HOW FARMERS USE PRECISION AGRICULTURE in their operations is the topic of research for Patterson Hilaire, an agricultural and extension education doctoral student in the School of Human Sciences.
Hilaire, a native of the Bahamas, has always had an interest in agriculture, even though his home has a small agricultural footprint, representing only 2.3 percent of GDP for the 700 islands that make up the Caribbean archipelago.
For him, it was his curiosity about how things grew that led him to the U.S., first to the University of Arkansas, where he earned bachelor's and master's degrees in agricultural systems and then to Mississippi State, where in addition to pursuing his Ph.D. in agricultural and extension education, he is also working toward a master's in agronomy.
"My grandfather was a coffee farmer in Haiti," Hilaire said. "I remember stories my mother would tell me about his agricultural pursuits, and it always interested me. My first agricultural class was in junior high and it felt like a natural fit for me. I knew I wanted to pursue an agricultural career."
Now Hilaire is taking that passion to determine how farmers use precision agriculture and better understand their perceptions about the suite of tools designed to help improve yields and profits while decreasing inputs.
Hilaire, and his major professor, Dr. Kirk Swortzel, human sciences professor, have developed two surveys, one for farmers and the other for agricultural retailers, to gage use of precision tools in the field.
In the farmer survey, the pair hope to receive quantitative data, such as the size of the farm, the type of precision agriculture services used, and the year the tools were first implemented. Precision agriculture services, as defined in the survey, are any service that uses electronic information technologies to gather spatial and temporal variability of a field. According to Hilaire, the information will create a baseline for precision agriculture adoption.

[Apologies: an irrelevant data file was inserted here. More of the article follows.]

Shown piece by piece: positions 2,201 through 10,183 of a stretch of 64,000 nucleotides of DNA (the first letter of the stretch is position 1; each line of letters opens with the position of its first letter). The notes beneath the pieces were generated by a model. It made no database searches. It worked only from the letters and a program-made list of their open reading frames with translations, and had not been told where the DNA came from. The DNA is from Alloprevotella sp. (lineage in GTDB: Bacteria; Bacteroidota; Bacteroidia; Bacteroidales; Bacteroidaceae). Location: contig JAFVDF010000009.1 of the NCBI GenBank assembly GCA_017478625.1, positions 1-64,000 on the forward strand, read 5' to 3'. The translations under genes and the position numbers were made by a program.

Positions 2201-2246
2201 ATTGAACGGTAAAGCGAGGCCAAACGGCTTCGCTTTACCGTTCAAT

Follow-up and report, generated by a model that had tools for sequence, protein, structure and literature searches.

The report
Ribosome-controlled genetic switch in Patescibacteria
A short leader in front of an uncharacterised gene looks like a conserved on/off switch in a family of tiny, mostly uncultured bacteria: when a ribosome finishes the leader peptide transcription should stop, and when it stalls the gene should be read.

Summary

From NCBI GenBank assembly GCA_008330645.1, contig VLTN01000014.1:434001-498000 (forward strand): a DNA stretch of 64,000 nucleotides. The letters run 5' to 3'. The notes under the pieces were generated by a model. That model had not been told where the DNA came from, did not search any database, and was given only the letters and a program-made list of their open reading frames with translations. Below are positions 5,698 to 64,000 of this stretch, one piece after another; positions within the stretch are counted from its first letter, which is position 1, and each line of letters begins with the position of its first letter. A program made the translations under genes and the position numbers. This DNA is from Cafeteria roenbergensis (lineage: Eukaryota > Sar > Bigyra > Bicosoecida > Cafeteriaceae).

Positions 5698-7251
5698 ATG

"While the concept of precision agriculture has been around for nearly 30 years, we don't have a clear picture of adoption by producers," he said.
The agricultural retail survey asks similar questions on a broader scale such as the total acres precision technologies are applied to each year, and how many people are employed for specific operations, among other questions.
Qualitative data in the survey will include farmer and agricultural retail industry perceptions of precision agricultural technologies. Perceptions can reveal barriers that prevent widespread adoption of the suite of tools available.
As Swortzel explained, this type of data informs teaching, outreach, and research. "If we can identify barriers to adoption, then we can design outreach programs that could remove some of the concerns or anxiety over adoption of these tools," Swortzel said. "Likewise, as we train future agricultural leaders, we can teach them the tools and make the connection between classroom knowledge and real-world applications. Armed with this information, students become ambassadors for precision agriculture in their careers."
The data will also provide statistics that can be revisited to determine how precision agricultural technology tools are adopted over time, Swortzel added.
Hilaire, who plans to graduate in May 2022, plans to teach and research agriculture in his career but he needs help with his research data. COVID-19 prevented face-to-face meetings where Hilaire had hoped to garner responses to his survey. He has moved to postal mail and electronic surveys to get the responses needed to complete his analysis. If you are a farmer or manage an agricultural retail business and would like to participate in the survey, visit https://msudafvm.co1.qualtrics.com/jfe/form/SV_51PF3Z0YuQKiIg5?Q_CHL=qr. For information, contact Patterson Hilaire at 662.325.7696 or email@example.com.